“Wouldn’t you rather your donations achieve a lot rather than a little? Then you’ll need to get serious and proactive. If you do it wrong, you can easily waste your entire donation.”
Caroline Fiennes is not one to pull her punches when talking about charitable giving, but the more I talk to her, or read her new book – ‘It Ain’t What You Give It’s The Way That You Give It’ – the more it becomes apparent that her philosophy is not all that different from that of a professional fund manager.
No self-respecting fund manager would invest in a company just because they were asked to. A fund manager will choose to invest (or disinvest) because they believe it will help their fund perform well and that the investment fits within their investment objectives. Fiennes, who advises companies and individuals on their giving, advocates a similar approach for any donor: be clear about your objective and find organisations that have done a good job of achieving this, not just the ones that market themselves well.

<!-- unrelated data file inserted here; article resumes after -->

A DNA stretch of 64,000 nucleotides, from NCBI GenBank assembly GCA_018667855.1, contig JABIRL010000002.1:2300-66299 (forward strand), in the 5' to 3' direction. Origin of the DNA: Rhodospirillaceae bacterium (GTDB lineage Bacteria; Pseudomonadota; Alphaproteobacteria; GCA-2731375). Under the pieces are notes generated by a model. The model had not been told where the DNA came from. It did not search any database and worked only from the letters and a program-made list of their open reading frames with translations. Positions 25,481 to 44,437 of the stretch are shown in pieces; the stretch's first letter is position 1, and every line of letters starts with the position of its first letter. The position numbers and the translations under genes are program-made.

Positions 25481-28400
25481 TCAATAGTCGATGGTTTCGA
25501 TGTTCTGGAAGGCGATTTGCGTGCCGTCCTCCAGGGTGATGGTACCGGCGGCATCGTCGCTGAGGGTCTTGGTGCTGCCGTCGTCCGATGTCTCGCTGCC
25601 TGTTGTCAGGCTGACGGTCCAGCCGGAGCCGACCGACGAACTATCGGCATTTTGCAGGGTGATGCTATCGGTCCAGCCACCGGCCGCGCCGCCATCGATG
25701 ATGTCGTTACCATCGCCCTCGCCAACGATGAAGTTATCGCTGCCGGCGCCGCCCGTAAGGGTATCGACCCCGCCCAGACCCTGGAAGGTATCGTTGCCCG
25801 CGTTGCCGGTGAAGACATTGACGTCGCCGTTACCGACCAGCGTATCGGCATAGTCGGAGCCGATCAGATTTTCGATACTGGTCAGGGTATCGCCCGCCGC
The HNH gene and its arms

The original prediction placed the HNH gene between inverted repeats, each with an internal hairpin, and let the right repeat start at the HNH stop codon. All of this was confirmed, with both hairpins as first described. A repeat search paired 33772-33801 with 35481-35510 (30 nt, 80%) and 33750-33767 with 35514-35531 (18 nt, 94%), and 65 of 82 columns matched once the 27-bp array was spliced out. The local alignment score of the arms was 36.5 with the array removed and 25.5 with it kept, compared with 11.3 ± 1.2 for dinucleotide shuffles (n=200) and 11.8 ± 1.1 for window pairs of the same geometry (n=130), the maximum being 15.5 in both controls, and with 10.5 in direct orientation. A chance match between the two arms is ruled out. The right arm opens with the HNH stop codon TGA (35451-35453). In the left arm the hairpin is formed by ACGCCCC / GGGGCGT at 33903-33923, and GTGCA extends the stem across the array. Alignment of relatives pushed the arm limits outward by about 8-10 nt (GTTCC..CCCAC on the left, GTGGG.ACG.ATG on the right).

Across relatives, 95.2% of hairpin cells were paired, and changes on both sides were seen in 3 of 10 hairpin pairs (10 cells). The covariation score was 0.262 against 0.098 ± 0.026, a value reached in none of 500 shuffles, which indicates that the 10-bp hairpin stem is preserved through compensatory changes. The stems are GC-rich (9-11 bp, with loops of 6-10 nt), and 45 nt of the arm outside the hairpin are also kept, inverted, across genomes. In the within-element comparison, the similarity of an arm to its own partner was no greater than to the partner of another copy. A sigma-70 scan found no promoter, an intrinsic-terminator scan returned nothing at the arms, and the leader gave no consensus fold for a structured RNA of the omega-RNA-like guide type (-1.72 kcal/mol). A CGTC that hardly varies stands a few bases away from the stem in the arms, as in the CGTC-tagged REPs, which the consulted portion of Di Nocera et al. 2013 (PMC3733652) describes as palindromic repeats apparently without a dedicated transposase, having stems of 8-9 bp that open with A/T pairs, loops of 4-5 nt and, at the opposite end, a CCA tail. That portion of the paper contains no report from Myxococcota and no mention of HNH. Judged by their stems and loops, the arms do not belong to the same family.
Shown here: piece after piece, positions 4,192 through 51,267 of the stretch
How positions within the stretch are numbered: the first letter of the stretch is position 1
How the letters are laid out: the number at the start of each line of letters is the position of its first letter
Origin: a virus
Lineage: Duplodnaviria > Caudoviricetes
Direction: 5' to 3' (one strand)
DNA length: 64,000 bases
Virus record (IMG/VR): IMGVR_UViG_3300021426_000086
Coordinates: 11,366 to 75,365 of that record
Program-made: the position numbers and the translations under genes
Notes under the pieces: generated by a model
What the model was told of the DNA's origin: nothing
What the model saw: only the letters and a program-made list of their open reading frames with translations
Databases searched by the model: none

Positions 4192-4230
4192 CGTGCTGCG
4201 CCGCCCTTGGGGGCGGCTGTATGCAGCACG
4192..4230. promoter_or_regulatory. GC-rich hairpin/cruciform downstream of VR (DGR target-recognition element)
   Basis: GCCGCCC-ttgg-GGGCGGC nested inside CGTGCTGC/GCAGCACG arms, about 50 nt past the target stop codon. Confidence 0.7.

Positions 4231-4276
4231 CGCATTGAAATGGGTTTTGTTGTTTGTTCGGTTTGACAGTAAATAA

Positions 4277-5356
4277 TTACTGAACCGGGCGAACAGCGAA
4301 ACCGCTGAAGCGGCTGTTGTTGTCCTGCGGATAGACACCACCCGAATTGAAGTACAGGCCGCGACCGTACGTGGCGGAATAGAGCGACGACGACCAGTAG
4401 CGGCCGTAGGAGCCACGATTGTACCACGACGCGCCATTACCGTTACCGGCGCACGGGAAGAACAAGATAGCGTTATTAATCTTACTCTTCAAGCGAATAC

This is just the start. As James Caan, entrepreneur and philanthropist, puts it, “Finding, investing and supporting good businesses is hard, but identifying, donating and supporting great charities poses the same challenges.” This is all the more apt as Caan has also been the chairman of a fund manager, Insynergy Investment Management.
This is not to say that giving and fund management are natural bedfellows. A collaborative exercise between several fund groups created the Invest & Give fund, but sadly it did not generate significant investment and was eventually closed. Lipper data reveals that socially responsible investment (SRI) equity mutual funds in Europe have healthy assets of just over 50 billion euros, but this still accounts for less than 3 percent of the equity fund universe (1.8 trillion euros).